Individual musicians recording a Christmas album have an overwhelming task on their plate – they’ve got to take some of the world’s most recognizable music and reinvent them. Everyone knows the words, chords, and melodies to the majority of Christmas songs; it’s going to be pretty challenging to surprise them. They’ve heard the traditional context for each of these songs, they’ve sang them, they’ve played them, and they’ve danced to them. By the time most listeners are adults, they’ve heard a million different interpretations of these songs, ranging from swinging jazz versions to hard rock covers. Making matters more complex, a musician can’t surprise their audience too much when it comes to Christmas music. Most people enjoy a new spin on familiar holiday melodies, but at the heart of their experience, they simply want to enjoy the songs that they know and love. Even the most adventurous listener has a place in their heart for this music, and they prefer their high art in another context. From one perspective, a musician that undertakes a whole Christmas album needs to reinvent the wheel without making it spin too fast – a major challenge from any angle.
Los Angeles based trumpet player Bobby Rodriguez tackled this task with great musicality, delivering a Christmas classic in A Latin Jazz Christmas. Rodriguez’s solo trumpet introduces “Have Yourself A Merry Little Christmas” with an exciting zeal before the band explodes into a fiery montuno for improvisations from Rodriguez and conguero David Romero. A propulsive merengue rhythm puts a distinctly different spin on “Deck The Halls,” allowing Rodriguez to send the band into high gear with an energetic statement. Rodriguez playfully bends the melody to “Feliz Navidad” around a cha cha cha, before the band leaps into a heavily funkified groove for solos. Bassist Jonathan Pintoff creates a free floating open 6/8 feel for “We Three Kings,” opening the door to Rodriguez for edgy modal exploration. Pianist Sergei Kasimov and Rodriguez tenderly interact around the melody on “The Christmas Song,” leading into a heartfelt bolero which serves as a feature for Kasimov’s insightful improvisation skills. “Jingle Bells” comes alive as a driving samba, giving way to a joyful rhythm section vamp and a spirited improvisation from Rodriguez. Christmas bells set the tone for a lively cha cha cha behind “Santa Claus Is Coming To Town,” with Rodriguez’s clever phrasing taking the song to new heights. Rodriguez delivers a smart combination of familiar melodies and appealing personality to make A Latin Jazz Christmas a festive holiday recording that will light up the season.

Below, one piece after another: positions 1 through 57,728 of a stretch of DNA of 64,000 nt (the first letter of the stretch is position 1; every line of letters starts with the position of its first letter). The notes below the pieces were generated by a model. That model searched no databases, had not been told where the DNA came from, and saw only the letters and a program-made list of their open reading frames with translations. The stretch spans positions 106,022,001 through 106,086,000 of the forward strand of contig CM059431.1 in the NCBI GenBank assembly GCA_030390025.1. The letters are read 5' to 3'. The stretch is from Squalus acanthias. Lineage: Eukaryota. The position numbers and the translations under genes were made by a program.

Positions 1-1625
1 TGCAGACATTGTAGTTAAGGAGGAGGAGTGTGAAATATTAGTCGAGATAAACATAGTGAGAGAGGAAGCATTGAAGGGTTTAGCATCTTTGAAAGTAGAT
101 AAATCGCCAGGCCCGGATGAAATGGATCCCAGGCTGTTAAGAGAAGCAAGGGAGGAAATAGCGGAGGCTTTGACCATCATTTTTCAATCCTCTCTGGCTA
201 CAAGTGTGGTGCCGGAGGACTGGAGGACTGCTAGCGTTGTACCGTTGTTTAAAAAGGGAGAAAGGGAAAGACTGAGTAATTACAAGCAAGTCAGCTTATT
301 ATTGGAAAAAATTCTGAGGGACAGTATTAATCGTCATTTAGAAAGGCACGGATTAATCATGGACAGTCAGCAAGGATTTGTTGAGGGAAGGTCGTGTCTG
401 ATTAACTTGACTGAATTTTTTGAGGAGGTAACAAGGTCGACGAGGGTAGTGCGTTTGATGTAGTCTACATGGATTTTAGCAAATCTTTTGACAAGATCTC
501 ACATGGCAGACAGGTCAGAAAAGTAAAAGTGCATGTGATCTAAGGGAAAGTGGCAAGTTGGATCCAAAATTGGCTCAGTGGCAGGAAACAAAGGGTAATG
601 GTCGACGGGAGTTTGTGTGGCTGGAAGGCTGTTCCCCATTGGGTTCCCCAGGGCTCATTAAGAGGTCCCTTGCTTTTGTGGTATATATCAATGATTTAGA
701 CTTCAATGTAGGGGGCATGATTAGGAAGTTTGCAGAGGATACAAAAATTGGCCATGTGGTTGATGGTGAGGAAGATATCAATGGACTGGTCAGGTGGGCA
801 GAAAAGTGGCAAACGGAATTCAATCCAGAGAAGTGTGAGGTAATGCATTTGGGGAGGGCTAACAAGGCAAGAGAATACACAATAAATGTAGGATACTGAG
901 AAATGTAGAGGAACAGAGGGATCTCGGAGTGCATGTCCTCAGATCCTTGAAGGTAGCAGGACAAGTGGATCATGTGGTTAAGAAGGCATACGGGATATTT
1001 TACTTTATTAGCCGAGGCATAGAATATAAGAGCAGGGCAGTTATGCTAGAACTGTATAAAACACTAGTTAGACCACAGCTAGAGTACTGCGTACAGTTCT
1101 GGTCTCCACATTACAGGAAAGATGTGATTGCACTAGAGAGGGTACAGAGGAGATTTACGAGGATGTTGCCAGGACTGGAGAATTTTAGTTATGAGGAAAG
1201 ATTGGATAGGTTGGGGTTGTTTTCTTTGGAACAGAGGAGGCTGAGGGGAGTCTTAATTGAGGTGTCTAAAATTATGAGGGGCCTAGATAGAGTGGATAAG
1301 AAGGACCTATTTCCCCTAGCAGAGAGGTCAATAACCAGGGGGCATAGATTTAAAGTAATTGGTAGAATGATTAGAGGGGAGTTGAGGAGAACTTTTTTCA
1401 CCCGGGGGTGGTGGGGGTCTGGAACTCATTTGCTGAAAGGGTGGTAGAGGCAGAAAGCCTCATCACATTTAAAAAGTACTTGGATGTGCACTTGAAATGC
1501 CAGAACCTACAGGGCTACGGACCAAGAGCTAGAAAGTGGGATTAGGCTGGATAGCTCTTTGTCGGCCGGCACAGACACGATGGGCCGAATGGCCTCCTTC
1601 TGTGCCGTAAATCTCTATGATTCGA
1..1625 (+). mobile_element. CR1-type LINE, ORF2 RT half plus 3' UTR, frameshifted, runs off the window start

Got more Latin Jazz Christmas classics? Share them with us in the comments and keep our Christmas in clave! Happy holidays everyone!